3:33 PM, Mar 21, 2005
Edmund Fitzgerald Porter
tagged with dotw
Once again, work took me to Madison, WI last week. I had previously arranged to meet up with an old college friend and short-time roommate, James, who makes his home in Madison with his wife Jackie. He rolled up to my hotel at about 6PM on Tuesday, where I was waiting outside, talking with my work partner(TJ) and his Louisiana counterpart(Gerold). The temperature was in the thirties, and when James pulled up, he got out of his car and changed shirts.
TJ and Gerold both freaked out when they saw my friend do what he did on what they considered to be an arctic day, and freaked out further when they saw that this crazy person was a friend of mine. We said good-evening to TJ and Gerold, and, with James' friend Marcus, went over to the Prime Quarter for some steak. Apparently, James' bachelor party was held there, and he ate the 40-oz "Beefeater," steak, a feat that gets your picture on the wall, shown below.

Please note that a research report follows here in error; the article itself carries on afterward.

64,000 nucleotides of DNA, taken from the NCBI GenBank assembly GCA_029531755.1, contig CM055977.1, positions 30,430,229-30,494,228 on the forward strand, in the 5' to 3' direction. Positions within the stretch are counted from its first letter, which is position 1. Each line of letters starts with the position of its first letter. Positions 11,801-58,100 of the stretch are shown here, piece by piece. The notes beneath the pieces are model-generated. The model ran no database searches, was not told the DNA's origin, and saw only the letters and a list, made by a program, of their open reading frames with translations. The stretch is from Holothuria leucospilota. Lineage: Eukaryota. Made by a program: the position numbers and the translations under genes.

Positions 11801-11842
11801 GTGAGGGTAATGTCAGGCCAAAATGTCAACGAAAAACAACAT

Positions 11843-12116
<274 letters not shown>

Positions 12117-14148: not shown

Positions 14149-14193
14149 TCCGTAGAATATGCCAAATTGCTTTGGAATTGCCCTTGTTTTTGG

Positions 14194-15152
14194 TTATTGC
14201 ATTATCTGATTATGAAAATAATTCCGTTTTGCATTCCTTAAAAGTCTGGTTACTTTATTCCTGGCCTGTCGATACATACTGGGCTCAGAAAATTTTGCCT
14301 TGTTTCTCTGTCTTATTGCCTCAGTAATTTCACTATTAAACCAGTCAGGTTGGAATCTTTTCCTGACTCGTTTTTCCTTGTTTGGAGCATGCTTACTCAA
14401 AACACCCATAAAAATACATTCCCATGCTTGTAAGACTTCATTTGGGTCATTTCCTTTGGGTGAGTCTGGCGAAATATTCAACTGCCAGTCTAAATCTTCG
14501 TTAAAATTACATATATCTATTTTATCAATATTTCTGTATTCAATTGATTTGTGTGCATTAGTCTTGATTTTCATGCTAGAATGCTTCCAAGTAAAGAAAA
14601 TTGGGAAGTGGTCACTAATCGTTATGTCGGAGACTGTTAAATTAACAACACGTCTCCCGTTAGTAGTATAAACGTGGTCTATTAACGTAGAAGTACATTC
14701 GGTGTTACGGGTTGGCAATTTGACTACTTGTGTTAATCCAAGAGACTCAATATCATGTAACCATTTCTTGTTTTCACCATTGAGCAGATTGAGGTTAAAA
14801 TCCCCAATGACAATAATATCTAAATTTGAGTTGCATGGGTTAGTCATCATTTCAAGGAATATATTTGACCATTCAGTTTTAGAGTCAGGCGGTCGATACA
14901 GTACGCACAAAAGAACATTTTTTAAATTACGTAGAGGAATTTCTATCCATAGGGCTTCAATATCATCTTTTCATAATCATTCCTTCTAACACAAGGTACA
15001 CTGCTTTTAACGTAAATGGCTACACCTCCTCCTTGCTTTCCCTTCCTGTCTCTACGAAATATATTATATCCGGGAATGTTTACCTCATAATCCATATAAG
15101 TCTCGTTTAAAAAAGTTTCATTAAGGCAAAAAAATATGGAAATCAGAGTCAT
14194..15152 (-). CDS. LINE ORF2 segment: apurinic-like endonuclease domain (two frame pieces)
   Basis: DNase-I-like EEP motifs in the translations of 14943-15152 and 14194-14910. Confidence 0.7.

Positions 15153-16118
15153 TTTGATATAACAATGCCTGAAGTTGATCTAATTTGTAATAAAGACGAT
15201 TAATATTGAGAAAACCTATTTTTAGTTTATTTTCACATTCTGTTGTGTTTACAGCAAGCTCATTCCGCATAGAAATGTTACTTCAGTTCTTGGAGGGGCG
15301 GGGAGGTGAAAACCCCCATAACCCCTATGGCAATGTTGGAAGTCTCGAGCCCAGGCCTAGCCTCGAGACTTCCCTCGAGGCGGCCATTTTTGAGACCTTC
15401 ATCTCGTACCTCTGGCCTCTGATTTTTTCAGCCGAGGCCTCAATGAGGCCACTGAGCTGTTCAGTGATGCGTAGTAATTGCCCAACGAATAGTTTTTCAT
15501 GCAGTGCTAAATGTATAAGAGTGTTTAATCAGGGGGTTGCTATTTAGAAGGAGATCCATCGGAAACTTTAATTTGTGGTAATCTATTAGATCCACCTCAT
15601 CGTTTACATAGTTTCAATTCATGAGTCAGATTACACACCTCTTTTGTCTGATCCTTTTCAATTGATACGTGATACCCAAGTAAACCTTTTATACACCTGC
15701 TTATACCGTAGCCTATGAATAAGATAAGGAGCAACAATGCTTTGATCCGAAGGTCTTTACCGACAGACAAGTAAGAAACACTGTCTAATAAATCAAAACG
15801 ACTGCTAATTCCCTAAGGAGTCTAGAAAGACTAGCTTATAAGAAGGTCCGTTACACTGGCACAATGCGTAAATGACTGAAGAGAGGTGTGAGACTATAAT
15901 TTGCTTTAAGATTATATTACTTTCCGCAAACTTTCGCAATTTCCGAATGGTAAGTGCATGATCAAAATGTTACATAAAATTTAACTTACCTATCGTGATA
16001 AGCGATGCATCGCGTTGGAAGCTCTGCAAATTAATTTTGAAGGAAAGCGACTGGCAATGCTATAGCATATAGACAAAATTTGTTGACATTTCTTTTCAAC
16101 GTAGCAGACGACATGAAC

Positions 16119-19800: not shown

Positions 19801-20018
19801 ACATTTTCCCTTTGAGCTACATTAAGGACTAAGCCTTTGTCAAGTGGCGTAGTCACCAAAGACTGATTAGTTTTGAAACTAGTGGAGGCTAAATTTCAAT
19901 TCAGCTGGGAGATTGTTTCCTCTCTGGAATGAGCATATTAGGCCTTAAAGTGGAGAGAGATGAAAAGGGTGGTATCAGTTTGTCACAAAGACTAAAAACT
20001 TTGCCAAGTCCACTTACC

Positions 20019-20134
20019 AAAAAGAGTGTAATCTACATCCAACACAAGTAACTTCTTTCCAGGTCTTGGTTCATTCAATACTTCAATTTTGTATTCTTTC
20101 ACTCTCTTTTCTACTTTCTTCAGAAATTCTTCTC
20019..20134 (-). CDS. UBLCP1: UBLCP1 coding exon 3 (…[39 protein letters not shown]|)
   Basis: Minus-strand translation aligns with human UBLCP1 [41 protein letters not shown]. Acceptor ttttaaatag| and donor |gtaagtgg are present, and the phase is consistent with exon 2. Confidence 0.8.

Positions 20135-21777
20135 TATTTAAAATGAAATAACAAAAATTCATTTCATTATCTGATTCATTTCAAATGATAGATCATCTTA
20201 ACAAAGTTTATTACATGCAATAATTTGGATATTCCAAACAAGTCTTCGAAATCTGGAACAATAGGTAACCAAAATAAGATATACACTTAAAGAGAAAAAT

After stuffing ourselves adequately with KC strip steak, I pressured James and Marcus into a trip to the Come Back Inn, which is now officially my favorite place in Wisconsin. We walked in and took some seats up at the bar. We had all each had a 32-oz beer or two with dinner, so we were very talkative, and set to conversing with Dave and Johnny behind the bar. James settled into his beer quickly.
Marcus helped himself to beers he requested as, "the lightest you have," when he discovered they don't carry budmillcoors on tap. Honey weisses, wheats, and various yellow beers passed his lips, before Dave the bartender thought it appropriate to adorn his next beer as such.
I decided on a year-round offering from Cleveland's excellent Great Lakes
Brewing Company: the Edmund Fitzgerald Porter.
It pours a deep brown color, and an equally deep roasted aroma emanates off it immediately. The first sip throws itself all over the front of your mouth with its dark roasted flavor, and before you know it, your glass is empty.
This, in my opinion, is one of the truly great American Porters, and one of the best beers available in the Midwest.
(out of ten)
Aroma: 8 (Dark chocolate hints at a sweet maltiness)
Flavor: 9 (Chocolate malt is very heavily pronounced, followed by a roasted maltiness)
Body: 8 (Thick and even, leaves roasty residuals)
Smoothness: 8 (The thick even body makes for a smoothness that is as uncharacteristic of porters as it is pleasurable to drink)
Price: 8 (The 22-oz German-style glass was on special for $3)